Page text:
Set the maximum protocol version that can be negotiated. Atom is one of sslv3, tlsv1, tlsv1_1, tlsv1_2 and tlsv1_3. This option is available with OpenSSL 1.1.0 and later, and should be used instead of disable_ssl_methods/1.
A list of methods to disable. Unsupported methods will be ignored. Methods include sslv2, sslv3, sslv23, tlsv1, tlsv1_1 and tlsv1_2. This option is deprecated starting with OpenSSL 1.1.0. Use min_protocol_version/1 and max_protocol_version/1 instead.
Specify the explicit Method to use when negotiating. For allowed values, see the list for disable_ssl_methods above. Using this option is discouraged. When using OpenSSL 1.1.0 or later, this option is ignored, and a version-flexible method is used to negotiate the connection. Using version-specific methods is deprecated in recent OpenSSL versions, and this option will become obsolete and ignored in the future.
This option provides Server Name Indication (SNI) for SSL servers. This means that depending on the host to which a client connects, different options (certificates etc.) can be used for the server. This TLS extension allows you to host different domains using the same IP address and physical machine. When a TLS connection is negotiated with a client that has provided a host name via SNI, the hook is called as follows:
call(Goal, +SSL0, +HostName, -SSL)

Given the current context SSL0, and the host name of the client request, the predicate computes SSL which is used as the context for negotiating the connection. The first solution is used. If the predicate fails, the default options are used, which are those of the encompassing ssl_context/3 call. In that case, if no default certificate and key are specified, the client connection is rejected.

Provide a list of acceptable ALPN protocol identifiers as atoms. ALPN support requires OpenSSL 1.0.2 or greater.
This options provides a callback for a server context to use to select an ALPN protocol. It will be called as follows:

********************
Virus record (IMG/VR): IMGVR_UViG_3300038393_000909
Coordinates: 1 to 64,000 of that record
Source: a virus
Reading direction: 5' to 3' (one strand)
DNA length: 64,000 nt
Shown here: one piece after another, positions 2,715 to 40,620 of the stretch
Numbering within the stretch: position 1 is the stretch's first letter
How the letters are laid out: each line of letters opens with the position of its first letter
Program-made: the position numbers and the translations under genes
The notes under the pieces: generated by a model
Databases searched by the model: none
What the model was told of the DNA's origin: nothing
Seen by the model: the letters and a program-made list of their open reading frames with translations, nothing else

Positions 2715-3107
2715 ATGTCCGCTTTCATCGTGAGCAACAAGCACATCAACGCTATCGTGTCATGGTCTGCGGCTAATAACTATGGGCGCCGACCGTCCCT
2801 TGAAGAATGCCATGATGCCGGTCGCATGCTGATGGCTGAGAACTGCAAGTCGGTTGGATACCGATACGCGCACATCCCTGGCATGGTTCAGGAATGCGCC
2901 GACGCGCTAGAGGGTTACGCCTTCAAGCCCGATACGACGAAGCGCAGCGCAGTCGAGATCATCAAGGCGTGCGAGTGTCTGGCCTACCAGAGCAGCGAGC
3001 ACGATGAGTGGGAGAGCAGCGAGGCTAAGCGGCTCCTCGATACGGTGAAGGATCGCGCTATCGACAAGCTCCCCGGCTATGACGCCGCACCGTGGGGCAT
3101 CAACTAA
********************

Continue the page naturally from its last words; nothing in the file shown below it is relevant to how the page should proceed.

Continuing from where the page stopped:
=== call(Goal, +SSLCtx0, +ListOfClientProtocols, -SSLCtx1, -SelectedProtocol) ===

If this option is unset and the alpn_protocols/1 option is set, then the first common protocol between client & server will be selected.

Role- is one of server or client and denotes whether the SSL instance will have a server or client role in the established connection.
SSL- is a SWI-Prolog blob of type ssl_context, i.e., the type-test for an SSL context is blob(SSL, ssl_context).
Source ssl_upgrade_legacy_options(+OptionsIn, -Options) is det
Handle deprecated cacert_file(Spec) option and map it to the new cacerts(+List) option.
Source ssl_add_certificate_key(+SSL0, +Certificate, +Key, -SSL)
Add an additional certificate/key pair to SSL0, yielding SSL. Certificate and Key are either strings or atoms that hold the PEM-encoded certificate plus certificate chain and private key, respectively. Using strings is preferred for security reasons.

This predicate allows dual-stack RSA and ECDSA servers (for example), and is an alternative for using the certificate_key_pairs/1 option. As of OpenSSL 1.0.2, multiple certificate types with completely independent certificate chains are supported. If a certificate of the same type is added repeatedly to a context, the result is undefined. Currently, up to 12 additional certificates of different types are admissible.